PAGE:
When I think of how I envision DenseLayers’ growth, the model that inspires and influences it the most is Quincy Larson’s FreeCodeCamp. I’ve been a fan of the project since I first heard about it, and it shows a path that I think we can follow as well.
FCC’s biggest advantage was the focus on community-building, and the insight that group-learning is so much better and more efficient than doing it alone. I independently reached the same conclusions about the practice of reading research papers, or for any deep knowledge-building activity in general.
You see the concept of “group study” across all human cultures, from Bible circles in college campuses in the USA (and even Africa), to housewives reading the Little Red Book together back in Mao’s China.
At DenseLayers, we want to enable group-study of and collaboration over breakthrough STEM research, on a species-wide scale.
I read back to how Quincy grew FCC:
- He started with a tiny prototype (a list of good external resources with a checklist).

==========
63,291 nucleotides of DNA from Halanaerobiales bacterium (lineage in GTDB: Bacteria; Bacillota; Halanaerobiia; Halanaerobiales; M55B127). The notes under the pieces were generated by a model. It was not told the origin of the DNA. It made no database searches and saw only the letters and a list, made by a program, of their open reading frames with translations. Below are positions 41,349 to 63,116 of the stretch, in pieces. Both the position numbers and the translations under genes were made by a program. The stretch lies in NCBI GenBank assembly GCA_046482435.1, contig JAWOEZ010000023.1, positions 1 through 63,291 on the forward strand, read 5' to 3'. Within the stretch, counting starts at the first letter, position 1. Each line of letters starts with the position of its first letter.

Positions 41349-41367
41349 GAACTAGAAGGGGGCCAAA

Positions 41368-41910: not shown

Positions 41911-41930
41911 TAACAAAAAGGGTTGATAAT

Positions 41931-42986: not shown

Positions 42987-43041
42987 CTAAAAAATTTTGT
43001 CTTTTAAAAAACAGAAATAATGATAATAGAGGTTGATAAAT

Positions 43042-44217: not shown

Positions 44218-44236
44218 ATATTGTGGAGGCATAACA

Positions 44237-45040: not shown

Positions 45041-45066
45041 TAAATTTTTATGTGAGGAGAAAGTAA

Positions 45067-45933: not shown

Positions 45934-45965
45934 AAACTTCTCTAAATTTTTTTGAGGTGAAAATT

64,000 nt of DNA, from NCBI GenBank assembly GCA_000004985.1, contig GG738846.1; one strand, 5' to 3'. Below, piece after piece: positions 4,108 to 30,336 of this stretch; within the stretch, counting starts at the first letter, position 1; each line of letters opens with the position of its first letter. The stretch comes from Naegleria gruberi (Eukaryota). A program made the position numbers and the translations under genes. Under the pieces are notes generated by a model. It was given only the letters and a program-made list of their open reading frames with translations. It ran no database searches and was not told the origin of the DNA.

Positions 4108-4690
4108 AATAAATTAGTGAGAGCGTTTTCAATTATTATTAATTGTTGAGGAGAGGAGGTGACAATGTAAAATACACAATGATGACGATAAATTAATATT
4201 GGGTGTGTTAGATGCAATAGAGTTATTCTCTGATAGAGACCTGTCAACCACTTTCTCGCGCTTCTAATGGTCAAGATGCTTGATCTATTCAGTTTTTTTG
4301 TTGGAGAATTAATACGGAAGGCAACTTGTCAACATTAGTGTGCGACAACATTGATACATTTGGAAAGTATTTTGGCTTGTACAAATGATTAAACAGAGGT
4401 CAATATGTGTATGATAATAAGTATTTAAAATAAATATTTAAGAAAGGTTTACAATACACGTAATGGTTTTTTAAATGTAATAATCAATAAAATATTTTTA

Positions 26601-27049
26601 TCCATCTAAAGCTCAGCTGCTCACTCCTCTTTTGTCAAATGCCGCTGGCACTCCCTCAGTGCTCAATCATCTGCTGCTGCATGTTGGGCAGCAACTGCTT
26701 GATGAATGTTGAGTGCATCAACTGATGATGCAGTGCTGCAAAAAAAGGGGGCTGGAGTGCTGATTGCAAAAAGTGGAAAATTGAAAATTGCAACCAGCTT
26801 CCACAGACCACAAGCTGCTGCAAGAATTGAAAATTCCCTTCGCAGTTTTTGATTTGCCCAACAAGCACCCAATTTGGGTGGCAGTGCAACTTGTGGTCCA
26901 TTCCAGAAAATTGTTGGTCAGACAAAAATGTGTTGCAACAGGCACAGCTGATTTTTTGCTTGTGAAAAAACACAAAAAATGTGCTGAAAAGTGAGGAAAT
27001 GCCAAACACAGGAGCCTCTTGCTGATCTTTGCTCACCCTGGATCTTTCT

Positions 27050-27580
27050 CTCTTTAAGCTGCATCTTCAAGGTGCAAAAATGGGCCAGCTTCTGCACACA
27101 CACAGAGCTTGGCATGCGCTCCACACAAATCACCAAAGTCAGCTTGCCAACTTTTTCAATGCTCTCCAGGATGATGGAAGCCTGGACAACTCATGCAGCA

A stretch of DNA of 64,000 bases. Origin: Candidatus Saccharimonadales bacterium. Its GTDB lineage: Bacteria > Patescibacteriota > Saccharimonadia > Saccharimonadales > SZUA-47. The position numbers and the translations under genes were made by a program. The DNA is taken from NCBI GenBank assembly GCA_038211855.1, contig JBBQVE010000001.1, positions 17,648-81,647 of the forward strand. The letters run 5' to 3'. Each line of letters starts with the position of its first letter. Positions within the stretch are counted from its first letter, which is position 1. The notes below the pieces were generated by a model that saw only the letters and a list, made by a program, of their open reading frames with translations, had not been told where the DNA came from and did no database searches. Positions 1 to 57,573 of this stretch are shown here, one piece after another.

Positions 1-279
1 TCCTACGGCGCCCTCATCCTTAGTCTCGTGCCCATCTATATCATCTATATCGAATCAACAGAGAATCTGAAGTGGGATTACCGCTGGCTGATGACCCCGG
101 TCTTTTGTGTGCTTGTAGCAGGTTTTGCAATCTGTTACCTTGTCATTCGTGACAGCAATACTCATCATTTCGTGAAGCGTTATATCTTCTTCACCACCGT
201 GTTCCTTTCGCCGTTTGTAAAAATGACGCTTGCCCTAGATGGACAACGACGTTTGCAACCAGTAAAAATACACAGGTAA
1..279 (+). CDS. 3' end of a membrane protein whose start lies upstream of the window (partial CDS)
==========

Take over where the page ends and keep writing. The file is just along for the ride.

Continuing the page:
- He also set up a HipChat/Slack group for members to hang out together.
- On the content/marketing front, they grew by him tweeting a lot, live-coding, writing lots of articles and answering questions on Quora, and posting videos on YouTube with other members of the community.
- His hiring approach was to simply pick active people from the FCC community itself. (I too have always intended that I’ll only hire people from the DenseLayers community — it’s a no-brainer.)
- He also setup a publication to which other people could contribute content/tutorials.
The amazing thing is how capital-efficient they are. With only $350K or so in annual spending, they could deliver 2 billion hours of learning in that year.